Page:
And then there is the famous song ‘Simmermoarn’ from 1851 by the Frisian author Waling Dykstra. The song is in danger of disappearing from our intangible Frisian heritage. Reason why Lida has it in the book ‘Pykje Fjouwer’. All the birds and other animals that appear in the song can be found in the book.
The new children’s book ‘Shadow of Tut’, which has been nominated twice, takes place in ancient Egypt and is about Ankhesenamun, the sister of Pharaoh Tutankhamun. The Belgian and Dutch jury praised the book, but still chose another winner. Lida Dijkstra saw the statement about children’s presenter Sara Salve as a prize. Sara was not really interested in ancient Egypt beforehand, she confided in the radio host Frits Spits, but the book Lida was really her favorite book.
Shadow of Tut
In the youth novel ‘Shadow of Toet’, the author Lida Dijkstra and the illustrator Djenné Fila take you to the court of the pharaohs in ancient Egypt. Behind all the pomp and splendor, a young royal daughter tries to survive in a world full of tricks and deceptions. It is the story of the young pharaoh Tutankhamun and his half-sister who lived like a shadow by his side.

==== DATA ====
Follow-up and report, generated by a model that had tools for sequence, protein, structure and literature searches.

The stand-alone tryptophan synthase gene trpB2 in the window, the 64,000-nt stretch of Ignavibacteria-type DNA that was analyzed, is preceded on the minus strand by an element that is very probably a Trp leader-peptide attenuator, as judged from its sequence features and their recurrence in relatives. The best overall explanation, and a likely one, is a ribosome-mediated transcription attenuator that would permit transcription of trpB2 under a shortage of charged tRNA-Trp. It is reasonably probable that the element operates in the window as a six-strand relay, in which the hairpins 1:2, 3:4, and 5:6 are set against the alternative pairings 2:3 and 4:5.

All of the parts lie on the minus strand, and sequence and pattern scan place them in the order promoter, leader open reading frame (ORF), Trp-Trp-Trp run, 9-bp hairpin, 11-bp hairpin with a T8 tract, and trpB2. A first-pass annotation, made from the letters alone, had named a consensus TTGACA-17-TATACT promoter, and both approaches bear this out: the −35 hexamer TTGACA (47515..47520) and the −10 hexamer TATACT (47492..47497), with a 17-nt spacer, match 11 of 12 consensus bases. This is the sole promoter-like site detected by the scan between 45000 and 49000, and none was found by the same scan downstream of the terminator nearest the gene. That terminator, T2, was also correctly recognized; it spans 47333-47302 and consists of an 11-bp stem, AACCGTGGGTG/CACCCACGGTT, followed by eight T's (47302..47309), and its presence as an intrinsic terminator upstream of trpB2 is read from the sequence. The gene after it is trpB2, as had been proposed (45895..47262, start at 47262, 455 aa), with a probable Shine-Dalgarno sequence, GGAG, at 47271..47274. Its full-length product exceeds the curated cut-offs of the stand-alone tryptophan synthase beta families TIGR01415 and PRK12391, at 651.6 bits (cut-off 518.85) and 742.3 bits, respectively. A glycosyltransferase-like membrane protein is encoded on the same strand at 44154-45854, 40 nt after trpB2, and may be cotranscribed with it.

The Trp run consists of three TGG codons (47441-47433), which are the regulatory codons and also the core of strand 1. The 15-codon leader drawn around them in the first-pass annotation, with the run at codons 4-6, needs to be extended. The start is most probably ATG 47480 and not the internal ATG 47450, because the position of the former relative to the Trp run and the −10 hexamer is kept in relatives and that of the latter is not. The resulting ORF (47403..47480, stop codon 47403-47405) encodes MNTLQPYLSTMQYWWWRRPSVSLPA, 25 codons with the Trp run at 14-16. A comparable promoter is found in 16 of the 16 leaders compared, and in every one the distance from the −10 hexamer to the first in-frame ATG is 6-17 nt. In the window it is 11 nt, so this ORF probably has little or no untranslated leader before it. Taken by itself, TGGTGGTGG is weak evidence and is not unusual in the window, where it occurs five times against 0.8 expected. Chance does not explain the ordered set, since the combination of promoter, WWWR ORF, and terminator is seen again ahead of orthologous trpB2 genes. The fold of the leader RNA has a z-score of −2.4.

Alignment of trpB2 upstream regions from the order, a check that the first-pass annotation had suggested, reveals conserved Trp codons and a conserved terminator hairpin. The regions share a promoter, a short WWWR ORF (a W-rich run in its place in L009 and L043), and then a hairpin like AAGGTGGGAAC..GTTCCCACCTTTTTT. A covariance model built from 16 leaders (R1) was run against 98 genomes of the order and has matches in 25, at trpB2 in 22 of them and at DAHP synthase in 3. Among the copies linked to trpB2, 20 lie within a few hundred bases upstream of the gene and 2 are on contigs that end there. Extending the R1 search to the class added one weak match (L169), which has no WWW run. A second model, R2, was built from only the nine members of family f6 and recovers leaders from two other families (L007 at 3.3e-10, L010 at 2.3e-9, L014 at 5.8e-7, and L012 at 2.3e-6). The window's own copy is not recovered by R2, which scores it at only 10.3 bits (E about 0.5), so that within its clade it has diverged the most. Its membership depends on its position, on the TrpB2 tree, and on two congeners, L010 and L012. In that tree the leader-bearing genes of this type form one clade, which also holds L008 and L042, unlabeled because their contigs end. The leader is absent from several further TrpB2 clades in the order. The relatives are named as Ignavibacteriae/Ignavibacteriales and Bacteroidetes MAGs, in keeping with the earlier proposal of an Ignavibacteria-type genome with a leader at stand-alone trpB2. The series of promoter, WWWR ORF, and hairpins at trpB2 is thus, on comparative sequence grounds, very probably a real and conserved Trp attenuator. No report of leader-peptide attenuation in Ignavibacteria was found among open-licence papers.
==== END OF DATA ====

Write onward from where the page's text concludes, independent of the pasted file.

Ankhesenamun grew up at the court of his father, Pharaoh Akhenaton. Despite the luxury of a beautiful new palace and a life filled with parades and parties, her life is not easy. Her family is hungry for power and her father is not popular with the people. Amany already has five sisters when she gets a half-brother: Tutankhamun, a weak boy with a crooked foot – Egypt’s future pharaoh. She poses as his protector and teaches him everything he needs to know to stay alive. Like a shadow she lives by his side and everything seems to be going well. Until disaster strikes and her own life is in grave danger …
Simmermoarn (Waling Dykstra)
What a lovely, rising summer morning you are!
The rising Sinterklaas is lacking badly.
‘t Hoantsje galer kûkelû, bruseren brøler rûkûkû,
I want to go boy, cheerful of tone.
Everything that now lives,
Foals and calves, horses and cows.
Chattering chicks, chattering ships,
Lambs that jump, strangely smooth.
The Ldress in the sky, the ducks in the lush weed,
Mosquitoes and swells, everyone sings songs.
Ørebar klap, ljipkes wjukwapperje,
Screams at the gate shouting grito-brit.
Text and photos: Riemie van Dijk